If you missed the story in this morning's Bee, the City of Sacramento is considering ending the practice of dumping its garbage in Nevada and instead using Kiefer Landfill in Sloughhouse.
The story says two dozen diesel-burning rigs make the 282-mile round trip every night, getting five to seven mpg, which is not friendly to the environment, but it was a cheap choice for the city last time around, a decade ago.
From the story:
"We don't want to see waste going any farther than it needs to," said Edison Hicks, Sacramento's director of utilities. "But the town gets in an uproar if they are being charged too much for trash collection."
Hicks said fuel prices and greenhouse gases weren't overriding concerns in 1998 when the city started contracting with a private trucking firm, BLT Enterprises, to haul its garbage. Despite the distance, the Nevada landfill, facing fewer environmental regulations than California landfills, offered the best deal.
Ten years later, diesel prices have leaped to around $3.50 a gallon. And Sacramento has begun touting itself as a leader in reducing greenhouse gas emissions, embracing everything from energy-efficient offices to hybrid vehicles and solar panels.
Keith Roberts, coordinator of the "Greenest City" campaign, said Sacramento's efforts so far have focused on carbon emissions produced directly by the city, not those emitted by contractors. So the pollution from the garbage haulers isn't included in the city's greenhouse gas inventory – 63,000 metric tons in 2005.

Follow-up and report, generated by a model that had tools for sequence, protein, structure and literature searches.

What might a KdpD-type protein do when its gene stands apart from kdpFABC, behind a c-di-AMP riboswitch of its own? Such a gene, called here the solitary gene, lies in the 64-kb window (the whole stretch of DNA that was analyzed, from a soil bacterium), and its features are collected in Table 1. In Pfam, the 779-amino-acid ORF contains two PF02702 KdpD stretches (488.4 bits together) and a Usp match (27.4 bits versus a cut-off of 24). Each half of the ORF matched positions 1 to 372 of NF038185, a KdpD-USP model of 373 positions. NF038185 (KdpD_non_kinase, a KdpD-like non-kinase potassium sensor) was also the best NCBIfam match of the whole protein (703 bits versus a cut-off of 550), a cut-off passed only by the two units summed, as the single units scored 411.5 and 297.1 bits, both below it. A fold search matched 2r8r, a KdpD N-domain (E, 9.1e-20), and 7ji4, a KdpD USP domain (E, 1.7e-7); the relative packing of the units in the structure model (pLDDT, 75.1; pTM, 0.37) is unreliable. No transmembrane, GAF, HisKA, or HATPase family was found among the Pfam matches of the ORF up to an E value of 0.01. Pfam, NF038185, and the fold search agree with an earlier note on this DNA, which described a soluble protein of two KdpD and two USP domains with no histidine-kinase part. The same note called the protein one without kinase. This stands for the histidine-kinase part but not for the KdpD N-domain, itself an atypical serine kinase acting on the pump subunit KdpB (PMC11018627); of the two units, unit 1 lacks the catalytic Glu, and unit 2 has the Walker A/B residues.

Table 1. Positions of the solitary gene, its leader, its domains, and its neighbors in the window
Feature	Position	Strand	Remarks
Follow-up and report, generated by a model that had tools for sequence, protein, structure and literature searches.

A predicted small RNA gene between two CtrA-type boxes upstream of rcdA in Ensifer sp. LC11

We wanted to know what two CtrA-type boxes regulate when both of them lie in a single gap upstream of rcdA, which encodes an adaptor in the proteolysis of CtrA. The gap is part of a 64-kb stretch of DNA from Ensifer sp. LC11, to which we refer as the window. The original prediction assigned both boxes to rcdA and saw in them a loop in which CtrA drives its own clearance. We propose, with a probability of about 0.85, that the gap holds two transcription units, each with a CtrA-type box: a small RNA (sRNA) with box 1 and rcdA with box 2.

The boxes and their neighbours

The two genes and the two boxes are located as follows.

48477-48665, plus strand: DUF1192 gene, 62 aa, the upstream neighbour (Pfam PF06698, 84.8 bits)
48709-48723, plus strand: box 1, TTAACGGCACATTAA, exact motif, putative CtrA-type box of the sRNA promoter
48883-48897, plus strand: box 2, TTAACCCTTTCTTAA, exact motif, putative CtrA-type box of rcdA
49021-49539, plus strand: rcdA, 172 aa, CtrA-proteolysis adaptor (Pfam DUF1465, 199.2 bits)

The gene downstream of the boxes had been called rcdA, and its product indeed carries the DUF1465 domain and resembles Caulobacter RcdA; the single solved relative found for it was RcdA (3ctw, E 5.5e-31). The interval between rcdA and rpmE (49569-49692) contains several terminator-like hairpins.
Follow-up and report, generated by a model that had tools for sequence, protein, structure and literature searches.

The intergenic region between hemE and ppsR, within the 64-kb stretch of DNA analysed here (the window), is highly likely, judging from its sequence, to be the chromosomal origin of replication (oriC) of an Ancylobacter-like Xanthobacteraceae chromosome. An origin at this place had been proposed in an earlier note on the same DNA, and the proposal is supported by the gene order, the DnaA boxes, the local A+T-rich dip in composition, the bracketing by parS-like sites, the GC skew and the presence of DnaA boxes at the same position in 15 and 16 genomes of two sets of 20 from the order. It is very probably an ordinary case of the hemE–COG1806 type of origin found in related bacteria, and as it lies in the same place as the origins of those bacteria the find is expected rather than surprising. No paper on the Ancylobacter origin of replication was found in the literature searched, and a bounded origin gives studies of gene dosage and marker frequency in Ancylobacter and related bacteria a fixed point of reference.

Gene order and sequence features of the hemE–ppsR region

"I don't like seeing our municipal waste hauled to Nevada," Roberts said. "But we've got to take it one step at time."
Kiefer Landfill would make a good home for Sacramento's trash, recyclables and green waste, said Patrick Quinn of the county's waste department. He said the landfill on Grant Line Road has enough room to last another 50 years. The county also is offering the use of its Roseville Road transfer station as an alternative to the city and BLT trucking building their own transfer facility – at a cost of $8 million to $15 million – to serve the growing north area.
So there -- every cloud has a silver lining. If we put up with the traffic and drive-by smell for another 50 years, we'll be done with it forever!
The rest of the story is here (registration required).